Moore responded that application for the credits was a very competitive process and he was not aware that he was competing with them. “I think we share a common goal, and that is affordable housing for the elderly and I hope that would be the goal for this board as well, affordable housing. But I didn’t know that, but if you have two entities applying for that credit, you would have a better chance for one of them getting it, than if only one was applying. This is still a long way off for us, but we have to take this first step. We want something that we and the community can be proud of.”
Thomas also requested information from Walton County Fire Chief Brian Coley about safety requirements or conditions of evacuating a three-story building with elderly inside. Coley responded that his staff was well versed in working through problems and thought they could handle any future issues. “Our staff is pretty creative when they get pressed into an issue and we can figure out a way to handle them. If there are access problems, we will handle those when we are presented with a plan.”
After more discussion and a public comment by J.B. Hillard ” I’m not saying I’m for this or against this.With the new business friendly-city Council we have, will this enhance business in DeFuniak? We have lots of subsidized housing in DeFuniak and I would just ask will it be good for DeFuniak?”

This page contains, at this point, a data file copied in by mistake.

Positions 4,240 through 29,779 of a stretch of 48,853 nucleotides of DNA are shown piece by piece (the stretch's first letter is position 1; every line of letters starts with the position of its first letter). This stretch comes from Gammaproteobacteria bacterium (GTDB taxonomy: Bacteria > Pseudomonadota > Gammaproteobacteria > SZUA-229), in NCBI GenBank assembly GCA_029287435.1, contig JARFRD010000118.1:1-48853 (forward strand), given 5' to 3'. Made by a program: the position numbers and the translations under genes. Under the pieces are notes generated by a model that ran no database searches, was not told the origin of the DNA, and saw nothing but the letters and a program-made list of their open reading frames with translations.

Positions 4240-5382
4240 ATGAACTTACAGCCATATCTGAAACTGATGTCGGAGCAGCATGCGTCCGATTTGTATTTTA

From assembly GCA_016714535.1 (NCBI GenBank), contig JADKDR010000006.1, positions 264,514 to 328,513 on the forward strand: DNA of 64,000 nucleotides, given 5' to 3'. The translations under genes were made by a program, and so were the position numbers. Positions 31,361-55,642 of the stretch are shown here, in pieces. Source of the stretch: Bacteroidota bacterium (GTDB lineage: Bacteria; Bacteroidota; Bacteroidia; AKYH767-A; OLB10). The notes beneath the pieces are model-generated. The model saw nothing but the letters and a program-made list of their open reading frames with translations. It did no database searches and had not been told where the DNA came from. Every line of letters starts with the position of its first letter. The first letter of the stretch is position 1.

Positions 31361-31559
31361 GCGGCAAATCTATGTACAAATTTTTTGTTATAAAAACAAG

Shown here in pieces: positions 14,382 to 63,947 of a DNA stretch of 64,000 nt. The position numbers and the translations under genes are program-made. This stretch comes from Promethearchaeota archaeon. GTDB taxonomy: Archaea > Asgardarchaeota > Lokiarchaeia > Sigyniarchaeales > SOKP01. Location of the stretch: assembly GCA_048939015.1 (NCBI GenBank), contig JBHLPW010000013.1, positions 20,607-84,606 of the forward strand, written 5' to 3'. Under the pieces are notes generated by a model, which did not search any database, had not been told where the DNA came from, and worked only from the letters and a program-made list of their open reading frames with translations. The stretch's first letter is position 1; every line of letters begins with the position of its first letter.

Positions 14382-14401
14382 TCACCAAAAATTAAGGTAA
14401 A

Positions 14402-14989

Moore addressed Hillard’s concerns and after a little discussion between him and Adkinson, Moore conformed that everyone who applies to live at the complex must have a job and steady income. “We don’t give out vouchers or do any of those things, we just supply people who make a little less at their jobs with a nicer place to live than was available before.” Applicants for both complexes must meet criteria and one of those is they must be in the 60 percentile of the area’s median income to qualify to live there. Rent for the complexes Moore had told the board earlier are around $400-$500 every month.
Leatherberry moved to approve the request with an extensive set of conditions set by City Planner Greg Scoville for the process. Rushing seconded the motion. The preliminary plan passed with all but two nays, by Thomas and Truitt.